Police Interview Newsletter

Volume 5, Issue 3
May-June, 2006

What police officer wants to believe that his partner, or fellow officer, is feeling suicidal and is seriously contemplating taking his own life? Similarly, what law enforcement agency has its eyes wide open to the warning signs that one of their sworn personnel may be feeling desperate enough to take his or her own life?

As human beings, we do not want to believe that a friend, a family member, a co-worker could possibly kill himself-even when a number of danger signs or risk factors are clearly present.

Conservative estimates of police suicide indicate that law enforcement officers kill themselves at twice the rate of the general population. This figure is hard to nail down because these shooting are sometimes ruled "accidental" or non-job related by police agencies, which are reluctant to recognize the problem for what it is. Yet, the problem is quite real and pervasive.

Robert Douglas, executive director of the National P.O.L.I.C.E. Suicide Foundation, states: "We're losing about 300 officers a year to suicides". USA Today research conducted in June 1999 revealed that "most departments lose more officers to suicide than they do to violence in the course of their jobs."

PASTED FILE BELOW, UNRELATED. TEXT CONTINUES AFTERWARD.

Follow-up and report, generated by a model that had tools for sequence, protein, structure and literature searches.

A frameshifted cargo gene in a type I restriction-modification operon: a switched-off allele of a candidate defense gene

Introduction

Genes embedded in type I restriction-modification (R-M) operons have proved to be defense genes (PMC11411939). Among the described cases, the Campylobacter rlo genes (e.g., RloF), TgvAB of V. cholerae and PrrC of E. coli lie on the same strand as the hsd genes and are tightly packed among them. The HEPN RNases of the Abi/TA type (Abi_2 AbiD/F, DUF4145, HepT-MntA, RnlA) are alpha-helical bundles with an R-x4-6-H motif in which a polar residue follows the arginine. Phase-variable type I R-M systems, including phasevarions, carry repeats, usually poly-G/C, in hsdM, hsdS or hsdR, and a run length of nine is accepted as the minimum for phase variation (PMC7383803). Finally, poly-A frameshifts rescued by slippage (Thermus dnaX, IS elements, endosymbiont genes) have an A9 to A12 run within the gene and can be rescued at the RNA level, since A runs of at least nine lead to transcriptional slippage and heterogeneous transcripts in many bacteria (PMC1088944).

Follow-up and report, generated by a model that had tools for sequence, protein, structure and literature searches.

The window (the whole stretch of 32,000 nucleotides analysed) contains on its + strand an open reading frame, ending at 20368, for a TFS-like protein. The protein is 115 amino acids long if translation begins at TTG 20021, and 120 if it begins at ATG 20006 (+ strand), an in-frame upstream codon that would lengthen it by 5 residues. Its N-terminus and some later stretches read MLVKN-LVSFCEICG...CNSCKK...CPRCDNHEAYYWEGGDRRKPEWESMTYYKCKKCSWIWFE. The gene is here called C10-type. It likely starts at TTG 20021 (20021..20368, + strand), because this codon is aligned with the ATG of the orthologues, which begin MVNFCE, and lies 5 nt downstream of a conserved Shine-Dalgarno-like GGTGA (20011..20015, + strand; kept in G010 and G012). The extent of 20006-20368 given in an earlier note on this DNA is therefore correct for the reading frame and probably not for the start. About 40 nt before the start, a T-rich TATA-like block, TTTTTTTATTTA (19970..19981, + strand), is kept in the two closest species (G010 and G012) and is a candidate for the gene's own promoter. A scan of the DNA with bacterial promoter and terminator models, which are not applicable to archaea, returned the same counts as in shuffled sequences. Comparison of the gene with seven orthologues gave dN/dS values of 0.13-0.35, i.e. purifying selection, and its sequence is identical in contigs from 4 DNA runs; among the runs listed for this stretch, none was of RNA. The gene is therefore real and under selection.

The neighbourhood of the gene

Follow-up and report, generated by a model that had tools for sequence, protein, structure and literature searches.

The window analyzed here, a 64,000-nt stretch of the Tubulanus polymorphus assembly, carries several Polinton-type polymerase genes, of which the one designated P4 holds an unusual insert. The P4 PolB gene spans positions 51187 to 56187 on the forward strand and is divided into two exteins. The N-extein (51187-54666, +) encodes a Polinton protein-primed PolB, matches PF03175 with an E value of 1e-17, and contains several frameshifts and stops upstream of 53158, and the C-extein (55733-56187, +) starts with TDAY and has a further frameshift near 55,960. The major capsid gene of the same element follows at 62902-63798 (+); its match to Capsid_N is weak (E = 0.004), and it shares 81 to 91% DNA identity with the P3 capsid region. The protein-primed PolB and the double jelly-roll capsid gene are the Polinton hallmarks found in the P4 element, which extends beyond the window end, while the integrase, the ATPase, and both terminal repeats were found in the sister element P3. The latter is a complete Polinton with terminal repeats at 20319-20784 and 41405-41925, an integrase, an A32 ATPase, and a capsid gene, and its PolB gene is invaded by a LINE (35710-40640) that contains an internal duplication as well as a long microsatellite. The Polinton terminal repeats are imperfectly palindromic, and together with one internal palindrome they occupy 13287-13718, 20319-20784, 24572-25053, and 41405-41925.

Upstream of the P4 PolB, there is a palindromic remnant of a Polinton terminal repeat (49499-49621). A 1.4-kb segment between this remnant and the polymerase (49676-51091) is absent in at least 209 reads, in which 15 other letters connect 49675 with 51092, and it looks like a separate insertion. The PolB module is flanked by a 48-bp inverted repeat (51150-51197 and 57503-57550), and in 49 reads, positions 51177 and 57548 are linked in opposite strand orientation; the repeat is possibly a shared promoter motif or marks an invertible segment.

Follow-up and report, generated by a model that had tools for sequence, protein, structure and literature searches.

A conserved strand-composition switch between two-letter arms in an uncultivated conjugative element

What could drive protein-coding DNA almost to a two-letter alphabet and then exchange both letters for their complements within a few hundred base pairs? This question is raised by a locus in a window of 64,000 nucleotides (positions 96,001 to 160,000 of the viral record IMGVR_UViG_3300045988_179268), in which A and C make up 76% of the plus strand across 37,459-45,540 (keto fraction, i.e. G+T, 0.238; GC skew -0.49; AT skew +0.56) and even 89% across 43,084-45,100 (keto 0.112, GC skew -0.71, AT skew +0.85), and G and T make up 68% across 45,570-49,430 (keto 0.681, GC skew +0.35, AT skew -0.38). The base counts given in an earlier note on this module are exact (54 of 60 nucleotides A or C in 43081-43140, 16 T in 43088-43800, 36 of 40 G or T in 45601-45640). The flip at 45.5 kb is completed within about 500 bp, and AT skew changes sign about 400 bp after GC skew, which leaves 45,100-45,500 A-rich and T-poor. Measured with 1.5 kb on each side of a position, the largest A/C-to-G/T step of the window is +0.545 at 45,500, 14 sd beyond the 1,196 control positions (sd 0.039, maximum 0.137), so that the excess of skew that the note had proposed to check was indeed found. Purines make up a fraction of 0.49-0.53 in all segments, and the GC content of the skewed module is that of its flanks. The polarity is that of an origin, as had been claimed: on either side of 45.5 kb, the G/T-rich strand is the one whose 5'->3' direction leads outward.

Police Suicide Profiles

In his excellent article, "Police Officers: Control, Hopelessness, & Suicide" (http://www.corpus-delicti.com/suicide.html, April, 1995), Brent E. Turvey, M.S. offered the following profiles of police officers who took their lives. I quote directly from his article:

"30 year old Steven Laski. An eight year veteran. He was one of eleven patrolmen in his precinct who were transferred to desk jobs the previous May as a result of an ongoing corruption investigation. In April, fourteen officers had been arrested from the same precinct on drug, robbery, assault, and civil rights charges. Laski's handgun and his badge were taken away. He was divorced and living with his mother. He drove his blue Mustang to a deserted street near a cemetery and shot himself in the mouth with a .22 rifle. He died in civilian clothes." (p.6)

"26 year old Timothy Torres. Three years on the force. Midtown South Precinct. An officer on foot patrol. After a half-hour meal break with his partner he took out his .38 service revolver and shot himself in the head. It was 4:15 a.m. He was severely depressed about his divorce six months previously. It was the morning after Christmas. A few hours earlier, Torres had responded to a report of an emotionally disturbed person in need of help. 'You've got a young man grieving over a divorce, missing his ex-wife on Christmas, and coupled with dealing with an emotionally disturbed person just a few hours earlier, it obviously was too much for him to take,' a fellow officer said. His father is a retired police detective. He worked out a Gold's Gym to keep in shape. He killed himself shortly before dawn."

Turvey observes, "The typical officer who commits suicide is a white male, 35 years of age, working patrol, separated or getting a divorce, who has recently experienced a loss or disappointment. As with any profile, these are not hard and fast criteria. These are statistical tendencies. They are a road map for prevention. The most important criteria, or symptom, or red flag, of a suicidal disposition is marital problems."